Diabetic Foot Care

RFS - doctor symbolWhen to Seek Medical Care

When it comes to a condition that can affect your mobility, it is much better to be safe, than sorry. At every visit your doctor should examine your feet. You should always remove your shoes and socks in the examining room so neither of you forget. Have your doctor examine your feet at least once a year using a monofilament, a device that tests sensation.

You should seek a doctor’s care within 72 hours if you have any significant injury to the feet or legs; persistent mild-to-moderate pain; areas of warmth, redness, or swelling on the feet or legs.

Corns, calluses, bunions, hammer toes, athlete’s foot, other skin problems, or ingrown toe nails should also be treated by a doctor, not at home.

New or constant numbness in the feet or legs can be a sign of diabetic neuropathy or poor blood circulation. This puts you at risk for serious problems, such as infections and amputations, and should be discussed with your doctor. Nerve damage can also lead to changes in the shape of your feet and toes. Ask your doctor about special therapeutic shoes, rather than trying to force deformed feet and toes into regular shoes.

Difficulty walking can result from diabetic arthritis (Charcot’s joints). Early intervention is important to preventing more serious problems, including falls, skin breakdown and infections.

Seek immediate medical attention for the following: RFS - diabetic foot ulcer

  • Severe pain in the feet or legs, which may be a sign of acute loss of circulation to the leg(s), serious infection or severe nerve damage.
  • Any deep cut to the feet or legs that bleeds heavily needs proper cleaning and repair to aid healing.
  • Any puncture wounds, such as stepping on a nail or being bitten by a dog or cat carries a high risk of becoming infected.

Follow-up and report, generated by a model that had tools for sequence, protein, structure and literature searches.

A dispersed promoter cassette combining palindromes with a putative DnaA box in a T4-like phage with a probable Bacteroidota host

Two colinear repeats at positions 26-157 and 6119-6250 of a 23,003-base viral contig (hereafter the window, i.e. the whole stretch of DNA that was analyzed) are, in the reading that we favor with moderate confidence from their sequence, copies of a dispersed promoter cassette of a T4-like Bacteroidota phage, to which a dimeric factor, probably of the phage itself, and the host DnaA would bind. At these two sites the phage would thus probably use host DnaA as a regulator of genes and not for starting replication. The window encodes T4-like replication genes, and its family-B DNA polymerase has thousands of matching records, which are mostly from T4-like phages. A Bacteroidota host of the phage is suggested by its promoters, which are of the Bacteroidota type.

• Ulcers occur most often on the ball of the foot or on the bottom of the big toe. Ulcers on the sides of the foot are usually due to poorly fitting shoes. Keeping off your feet is very important. Walking on an ulcer can make it get larger and force the infection deeper into your foot. Wounds or ulcers that are more than about 1 inch across on the feet or legs should be treated immediately and are frequently associated with limb-threatening infections. Remember, some ulcers do not hurt, but you should be seen by your health care provider right away.
  • Drainage of pus from a wound is usually a sign of infection. Persistent bloody drainage, red streaking away from a wound or redness spreading out from a wound is a sign of a progressively worsening infection.
  • A fever higher than 101.5°F (38.6°C) in association with redness, swelling, warmth, or any wound or ulcer on the legs may be a sign of a limb-threatening or life-threatening infection.
  • If you have a leg wound or foot ulcer and become confused it could be a sign of life-threatening infection that could lead to loss of a foot or leg.

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